While the debate on the merits of changing your last name after marriage rages in the U.S., a Japanese court has taken a serious stand on the issue.
The Japan Times reported Thursday that the Tokyo District Court rejected a lawsuit Wednesday filed by five people who were suing for the right to keep their last names after marriage.
The plaintiffs included three women and a heterosexual common-law couple who each use their own surnames in daily life. They challenged Civil Code Article 750, which was enacted in 1947 and forces married couples to adopt one of the couple's last names after marriage. Japanese women change their names in about 96 percent of all marriages.
The five plaintiffs argued that the article violates the Japanese constitution’s Article 13, which demands respect for the individual, and Article 24, which demands equality between husband and wife, and were suing for six million yen in damages, according to The Wall Street Journal. But the judge ruled that the Constitution “does not guarantee the right to use separate surnames.”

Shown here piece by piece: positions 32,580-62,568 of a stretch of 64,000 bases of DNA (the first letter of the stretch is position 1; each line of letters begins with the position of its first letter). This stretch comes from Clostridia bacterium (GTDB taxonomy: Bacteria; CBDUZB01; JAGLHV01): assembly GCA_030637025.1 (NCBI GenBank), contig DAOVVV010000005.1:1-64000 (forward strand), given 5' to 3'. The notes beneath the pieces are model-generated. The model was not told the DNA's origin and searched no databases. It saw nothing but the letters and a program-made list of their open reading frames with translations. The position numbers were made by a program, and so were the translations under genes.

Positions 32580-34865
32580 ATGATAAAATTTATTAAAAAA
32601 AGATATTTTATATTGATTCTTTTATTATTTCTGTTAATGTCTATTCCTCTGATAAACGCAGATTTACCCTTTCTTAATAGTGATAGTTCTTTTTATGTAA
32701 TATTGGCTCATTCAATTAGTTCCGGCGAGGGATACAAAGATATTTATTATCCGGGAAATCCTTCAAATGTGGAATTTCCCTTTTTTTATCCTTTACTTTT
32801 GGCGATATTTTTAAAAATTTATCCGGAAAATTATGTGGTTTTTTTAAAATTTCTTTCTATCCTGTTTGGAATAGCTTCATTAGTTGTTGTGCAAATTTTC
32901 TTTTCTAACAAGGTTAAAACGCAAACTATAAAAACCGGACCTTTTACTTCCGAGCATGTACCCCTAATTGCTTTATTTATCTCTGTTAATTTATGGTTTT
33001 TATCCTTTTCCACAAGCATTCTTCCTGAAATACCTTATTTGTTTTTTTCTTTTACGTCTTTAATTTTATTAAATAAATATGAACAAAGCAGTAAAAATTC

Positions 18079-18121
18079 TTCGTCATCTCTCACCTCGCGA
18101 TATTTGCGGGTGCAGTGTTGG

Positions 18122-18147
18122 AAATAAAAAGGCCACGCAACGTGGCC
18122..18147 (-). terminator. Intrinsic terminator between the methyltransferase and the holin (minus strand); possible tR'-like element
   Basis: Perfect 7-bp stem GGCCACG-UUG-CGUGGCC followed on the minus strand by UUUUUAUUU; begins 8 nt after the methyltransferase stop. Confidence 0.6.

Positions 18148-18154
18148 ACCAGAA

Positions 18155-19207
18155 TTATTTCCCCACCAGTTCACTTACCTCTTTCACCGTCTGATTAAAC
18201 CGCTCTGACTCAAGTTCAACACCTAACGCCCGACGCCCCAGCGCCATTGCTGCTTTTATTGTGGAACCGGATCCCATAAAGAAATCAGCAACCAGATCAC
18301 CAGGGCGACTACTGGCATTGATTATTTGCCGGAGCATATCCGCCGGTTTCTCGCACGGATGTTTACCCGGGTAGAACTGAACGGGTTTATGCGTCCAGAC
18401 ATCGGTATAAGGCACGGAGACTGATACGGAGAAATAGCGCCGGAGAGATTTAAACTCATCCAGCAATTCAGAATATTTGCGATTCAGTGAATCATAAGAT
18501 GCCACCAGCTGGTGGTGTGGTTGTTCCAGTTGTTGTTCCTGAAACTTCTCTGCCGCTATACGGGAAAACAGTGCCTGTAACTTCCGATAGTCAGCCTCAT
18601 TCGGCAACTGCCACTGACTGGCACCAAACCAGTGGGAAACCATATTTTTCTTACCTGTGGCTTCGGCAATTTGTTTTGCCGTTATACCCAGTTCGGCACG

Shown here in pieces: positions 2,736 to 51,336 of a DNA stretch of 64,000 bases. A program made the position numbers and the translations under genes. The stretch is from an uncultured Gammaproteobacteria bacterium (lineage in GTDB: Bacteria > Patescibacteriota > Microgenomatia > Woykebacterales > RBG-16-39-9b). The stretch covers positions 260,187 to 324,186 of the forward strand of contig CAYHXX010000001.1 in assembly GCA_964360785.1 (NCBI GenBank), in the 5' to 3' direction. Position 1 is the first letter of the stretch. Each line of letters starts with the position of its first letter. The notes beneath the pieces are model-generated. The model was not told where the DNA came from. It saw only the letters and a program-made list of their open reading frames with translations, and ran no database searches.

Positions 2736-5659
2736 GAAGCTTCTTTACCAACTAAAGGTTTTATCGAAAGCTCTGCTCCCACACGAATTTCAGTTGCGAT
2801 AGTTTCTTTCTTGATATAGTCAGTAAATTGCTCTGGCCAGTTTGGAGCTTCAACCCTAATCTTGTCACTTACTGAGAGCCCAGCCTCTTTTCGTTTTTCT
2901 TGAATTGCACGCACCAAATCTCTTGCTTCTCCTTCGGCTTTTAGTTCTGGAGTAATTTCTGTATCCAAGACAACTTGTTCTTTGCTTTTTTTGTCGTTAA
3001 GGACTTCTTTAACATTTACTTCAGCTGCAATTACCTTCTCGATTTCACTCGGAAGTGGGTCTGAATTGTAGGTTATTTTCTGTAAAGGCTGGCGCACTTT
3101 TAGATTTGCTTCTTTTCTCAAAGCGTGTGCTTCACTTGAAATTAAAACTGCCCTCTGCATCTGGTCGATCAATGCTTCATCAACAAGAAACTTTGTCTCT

Article 750 was also challenged in 1996, when the Justice Ministry drafted a proposal to allow men and women to keep their names (it failed) and in 2009, when the United Nations Convention on the Elimination of All Forms of Discrimination Against Women asked Japan to change the law, according to Salon.
In a recent HuffPost/YouGov poll, 60 percent of Americans surveyed agreed that a woman should take her husband's last name after marriage. Click through the slideshow below to see more results from that poll.